Perhaps cameras could have been handed out before, something along the lines of you'll never know when you need a Flip. Encouraging people afterwards to submit it online, then using all the angles and some of their own footage making their own version.

Of course the biggest reason it fails is because none of it is branded, not well anyway. David sums it up nicely. The idea was lost in its execution. What do you think?

03 November 2009

Blogs Together

I'll start by saying this post is not intended to be arrogant or self indulgent in any way, but I know my only writing style can't avoid sounding that way, so just a heads up. And for this to make any sense, you'll need to read Stan Lee's article, Blogs Apart from this month's Marketing Magazine.

It's certainly an interesting read, one that I'd suggest is unnecessarily cynical and perhaps just another dig I've come to expect from older generations. And I can't help but think that with less than a handful of Australian marketing student bloggers out there, it might not even be all that relevant. Yet I feel one of us should probably respond. So here's my thoughts as to how I perceive the article personally.

To me, this blog is just a conversation starter. In many ways it's my resume. And just like you'd be stupid to employ someone based on their resume alone, the same goes for bloggers. But it's a foot in the door somewhere, where I'm then given the chance to prove myself. I've actually recently come to the decision I don't necessarily want to work just in the social media area, but definitely in an agency. This blog, I hope, will help me indirectly achieve that goal. Even if it's just because someone's happy to grab a coffee or beer with me.

Even the most talented graduate in the country is useless if no one's heard of them, right? Especially when you consider how many positions are never advertised but rather are filled through a network's word of mouth. I'm thinking writing a blog like this one is a great way for someone to begin to "know the right people".

Now I realise I criticise the industry. A lot. Probably too much. But if there's anything I've learnt about this industry is how cut throat, back stabbing and competitive it is. I'm certainly not the only one criticising, I'm just not doing it behind everyone's backs. Perhaps the only reason I publish it with my name attached is because I've got nothing to lose but I think every point I raise is a worthy one, and hopefully something other people agree with or are willing to discuss, even if not publicly.

As for the expert claim, I don't think there's a single student blogger who claims this. I think some might suggest they could provide insights, even without practical experience, but none of them are claiming a guru status. And you know what, I think insights without experience can still be valuable if taken for what they are.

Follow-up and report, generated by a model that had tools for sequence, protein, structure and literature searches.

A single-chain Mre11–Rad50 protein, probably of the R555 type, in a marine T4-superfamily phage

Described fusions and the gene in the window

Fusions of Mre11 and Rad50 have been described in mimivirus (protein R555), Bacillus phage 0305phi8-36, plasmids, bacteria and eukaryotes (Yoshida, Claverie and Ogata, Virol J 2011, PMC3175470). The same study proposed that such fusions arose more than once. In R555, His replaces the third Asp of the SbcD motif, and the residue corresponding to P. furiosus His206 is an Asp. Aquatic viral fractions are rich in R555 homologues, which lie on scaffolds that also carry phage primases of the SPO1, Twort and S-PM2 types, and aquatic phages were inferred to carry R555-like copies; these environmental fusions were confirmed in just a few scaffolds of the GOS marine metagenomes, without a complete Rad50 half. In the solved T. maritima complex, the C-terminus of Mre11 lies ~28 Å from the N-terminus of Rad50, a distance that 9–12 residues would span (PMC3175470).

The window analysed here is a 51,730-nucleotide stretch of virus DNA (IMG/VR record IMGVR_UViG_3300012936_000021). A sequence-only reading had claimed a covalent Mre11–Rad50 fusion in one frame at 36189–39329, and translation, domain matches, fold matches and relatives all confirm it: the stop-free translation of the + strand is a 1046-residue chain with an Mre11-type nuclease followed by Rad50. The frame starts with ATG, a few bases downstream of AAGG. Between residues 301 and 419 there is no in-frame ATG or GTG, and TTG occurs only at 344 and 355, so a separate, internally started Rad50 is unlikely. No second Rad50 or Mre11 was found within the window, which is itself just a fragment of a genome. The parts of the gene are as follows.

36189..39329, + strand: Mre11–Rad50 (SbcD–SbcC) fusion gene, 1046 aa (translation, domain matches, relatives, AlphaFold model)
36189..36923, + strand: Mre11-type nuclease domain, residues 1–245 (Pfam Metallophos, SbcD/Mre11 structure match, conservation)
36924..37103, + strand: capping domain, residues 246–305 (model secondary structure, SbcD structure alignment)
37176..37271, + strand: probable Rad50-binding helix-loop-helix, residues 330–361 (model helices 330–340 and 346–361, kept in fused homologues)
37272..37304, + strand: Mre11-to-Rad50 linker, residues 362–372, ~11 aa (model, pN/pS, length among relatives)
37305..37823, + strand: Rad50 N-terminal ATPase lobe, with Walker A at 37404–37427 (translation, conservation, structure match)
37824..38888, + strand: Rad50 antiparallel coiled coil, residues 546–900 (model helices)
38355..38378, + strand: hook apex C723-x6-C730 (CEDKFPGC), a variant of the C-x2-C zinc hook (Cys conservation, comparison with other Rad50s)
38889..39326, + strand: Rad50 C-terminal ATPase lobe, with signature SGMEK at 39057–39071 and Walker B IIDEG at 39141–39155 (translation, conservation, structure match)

The one thing I'd probably agree with Stan on is the issue about telling employers how things should be done. This is something I'm quite passionate about, and again, I'm only going to offer my insight, but Gen Y are not going to "bow down to employers". That's not how you're going to attract and retain talent. I see it more as something people can take on board or not... more or less like Stan's article.

As for the suggestion that blogs are only important if people Stan considers important read them... well I don't even know where to start there.

This blog has been responsible for (and here comes the arrogant part) landing myself an internship, started a business, doing some incredible networking most graduates would kill for, writing for Marketing Magazine and The Punch and a whole lot more. Perhaps one of the most important, is that it's helped me realise a passion, one I could spend every day for the rest of my life doing. Criticise that.

And please, if you ever see a spelling mistake on this blog it will be corrected immediately. Likewise for a sentence that doesn't make sense.

So to any students or graduates out there thinking about starting a blog, my advice is ignore Stan's article. Do it. And if you do, remember that starting conversations, no matter if you do it through controversy, criticising the industry or bad grammar, is better than writing a blog about ads and quotes you find interesting. ;]

01 November 2009

Chill Bro

I've been thinking about "cool" lately. Ignoring the fact it's probably not cool to use the word "cool", start by taking a look at Adam Ferrier's thoughts on the five indicators of someone's coolness.

I suppose thinking about the cool people I know, my definition would be that the coolest person in the room has the personal brand worth the most social currency. Here their personal brand encompasses everything from their personality to what they're wearing to what they do for a living. Included in this is the ability to share said social currency through remarkable story telling.

Just had this stuff on my mind a bit lately. What do you think? What makes someone cool?
The views expressed herein are my own and do not necessarily reflect those of my employer. Also ponies are evil.